For heavy-duty use it is necessary to harden the teeth of the gears. Hardening the teeth increases their size by causing them to swell and thereby makes it more difficult to fit the two toothed bodies together, since the play allowed is minimal. Providing a larger amount of play has proven similarly unworkable in many cases since the shape changes caused by the various hardening and finishing operations often cannot be predicted exactly. I

For the externally'toothed wheel there is little difficulty in producing exact precision. Many. methods, such as grinding, are known which produce extremely accurate external teeth on gear wheels. However the production ofthe same tolerances in internal gears has generally been considered impossible since the only good method of making such gears is by the generating principle with pinion-c'uttingand shaping or with a single-point rack-tooth-cutter.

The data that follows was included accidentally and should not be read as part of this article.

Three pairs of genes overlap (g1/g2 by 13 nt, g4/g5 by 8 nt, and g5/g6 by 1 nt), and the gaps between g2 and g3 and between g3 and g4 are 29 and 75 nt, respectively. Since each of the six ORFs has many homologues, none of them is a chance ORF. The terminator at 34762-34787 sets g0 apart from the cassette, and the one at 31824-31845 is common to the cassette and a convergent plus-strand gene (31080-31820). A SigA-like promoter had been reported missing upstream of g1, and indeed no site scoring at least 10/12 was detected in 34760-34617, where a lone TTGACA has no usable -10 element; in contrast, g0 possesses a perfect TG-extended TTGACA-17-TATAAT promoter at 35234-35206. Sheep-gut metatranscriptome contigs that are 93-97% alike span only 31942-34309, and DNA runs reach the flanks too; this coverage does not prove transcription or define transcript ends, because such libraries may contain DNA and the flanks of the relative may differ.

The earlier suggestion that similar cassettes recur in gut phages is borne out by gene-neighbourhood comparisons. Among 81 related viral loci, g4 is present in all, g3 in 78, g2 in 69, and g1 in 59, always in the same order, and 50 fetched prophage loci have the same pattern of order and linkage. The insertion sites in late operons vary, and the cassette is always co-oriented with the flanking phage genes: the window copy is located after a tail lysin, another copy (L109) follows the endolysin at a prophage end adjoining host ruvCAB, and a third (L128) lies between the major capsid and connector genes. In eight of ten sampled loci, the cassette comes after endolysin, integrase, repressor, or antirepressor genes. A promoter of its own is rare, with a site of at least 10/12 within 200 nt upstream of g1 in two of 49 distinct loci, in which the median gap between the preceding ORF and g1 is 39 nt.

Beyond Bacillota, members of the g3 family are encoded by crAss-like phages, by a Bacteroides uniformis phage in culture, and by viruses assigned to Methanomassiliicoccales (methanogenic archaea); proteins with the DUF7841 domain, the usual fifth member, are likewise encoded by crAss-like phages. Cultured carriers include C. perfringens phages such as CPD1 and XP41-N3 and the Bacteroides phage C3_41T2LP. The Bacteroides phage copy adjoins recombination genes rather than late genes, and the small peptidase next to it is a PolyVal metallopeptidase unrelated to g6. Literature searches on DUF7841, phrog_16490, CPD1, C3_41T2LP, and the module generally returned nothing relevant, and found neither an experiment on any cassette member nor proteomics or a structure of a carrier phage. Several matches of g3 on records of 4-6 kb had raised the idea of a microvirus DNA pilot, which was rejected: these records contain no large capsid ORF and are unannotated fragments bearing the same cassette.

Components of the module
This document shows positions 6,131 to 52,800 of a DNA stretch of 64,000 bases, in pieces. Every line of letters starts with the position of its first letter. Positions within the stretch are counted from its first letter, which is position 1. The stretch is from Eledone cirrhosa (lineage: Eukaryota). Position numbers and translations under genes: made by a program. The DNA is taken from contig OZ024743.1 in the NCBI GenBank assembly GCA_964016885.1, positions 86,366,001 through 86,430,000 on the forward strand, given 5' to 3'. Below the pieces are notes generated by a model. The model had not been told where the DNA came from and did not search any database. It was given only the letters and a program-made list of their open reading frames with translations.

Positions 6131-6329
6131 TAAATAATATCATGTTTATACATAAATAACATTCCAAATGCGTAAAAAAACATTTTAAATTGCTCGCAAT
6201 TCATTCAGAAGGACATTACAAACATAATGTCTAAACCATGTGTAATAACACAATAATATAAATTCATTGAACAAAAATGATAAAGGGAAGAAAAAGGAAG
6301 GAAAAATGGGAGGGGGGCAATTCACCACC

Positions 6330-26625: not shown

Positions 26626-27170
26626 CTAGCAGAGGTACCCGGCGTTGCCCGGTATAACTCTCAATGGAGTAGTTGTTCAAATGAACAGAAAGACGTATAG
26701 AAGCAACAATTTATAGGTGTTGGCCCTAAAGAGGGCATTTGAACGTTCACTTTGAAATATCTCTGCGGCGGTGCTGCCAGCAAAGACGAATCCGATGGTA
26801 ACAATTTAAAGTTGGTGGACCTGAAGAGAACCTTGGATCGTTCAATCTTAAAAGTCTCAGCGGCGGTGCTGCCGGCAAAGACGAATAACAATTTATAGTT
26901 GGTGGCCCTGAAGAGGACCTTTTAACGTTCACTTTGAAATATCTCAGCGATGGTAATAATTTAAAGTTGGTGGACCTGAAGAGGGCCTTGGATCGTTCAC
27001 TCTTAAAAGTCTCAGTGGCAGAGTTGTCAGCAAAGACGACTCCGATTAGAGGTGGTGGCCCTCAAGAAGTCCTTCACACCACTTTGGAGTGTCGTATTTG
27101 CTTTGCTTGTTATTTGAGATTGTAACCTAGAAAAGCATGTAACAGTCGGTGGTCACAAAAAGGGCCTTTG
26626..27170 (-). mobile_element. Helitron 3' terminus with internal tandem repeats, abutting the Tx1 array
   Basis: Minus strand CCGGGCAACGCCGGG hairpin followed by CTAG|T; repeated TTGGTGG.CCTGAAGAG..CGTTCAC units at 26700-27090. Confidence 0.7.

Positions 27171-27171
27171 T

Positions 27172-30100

Internally toothed gears so produced are nitreded in order to reduce the mechanical finishing of the teeth which may be required. The nitriding process has the advantage of a very low tendency to deform the workpiece, but also has the disadvantage that the surfaces grow (outer portions more, inner hollow portions less) according to the thickness of the nitride coating. Since stresses are present in the nitride coating the internal gear or sleeve deforms depending on the thickness of the nitrided surfaces. Even if all of the deformations are small they add up to an often unacceptable deformationof the gear as a whole.

Themaximum amount of play is felt to be substantially 0.02 mm. This has been achieved in spite of all of the above-given'difficulties by first producing the internal gear, which may or may not behardened. This gear is then measured and a gear wheel is produced which just fits the internal gear. Thereafter the two are fitted together and spun for proper counterbalancing, with the externally toothed gear being previously independently balanced. Thereafter the slight play is added by machining. This is, obviously, a very expensive method of producing a coupling. In addition the two gears are mated so that, for instance, a motor carrying the externally toothed gear cannot be used with a plurality of internally toothed ring gears.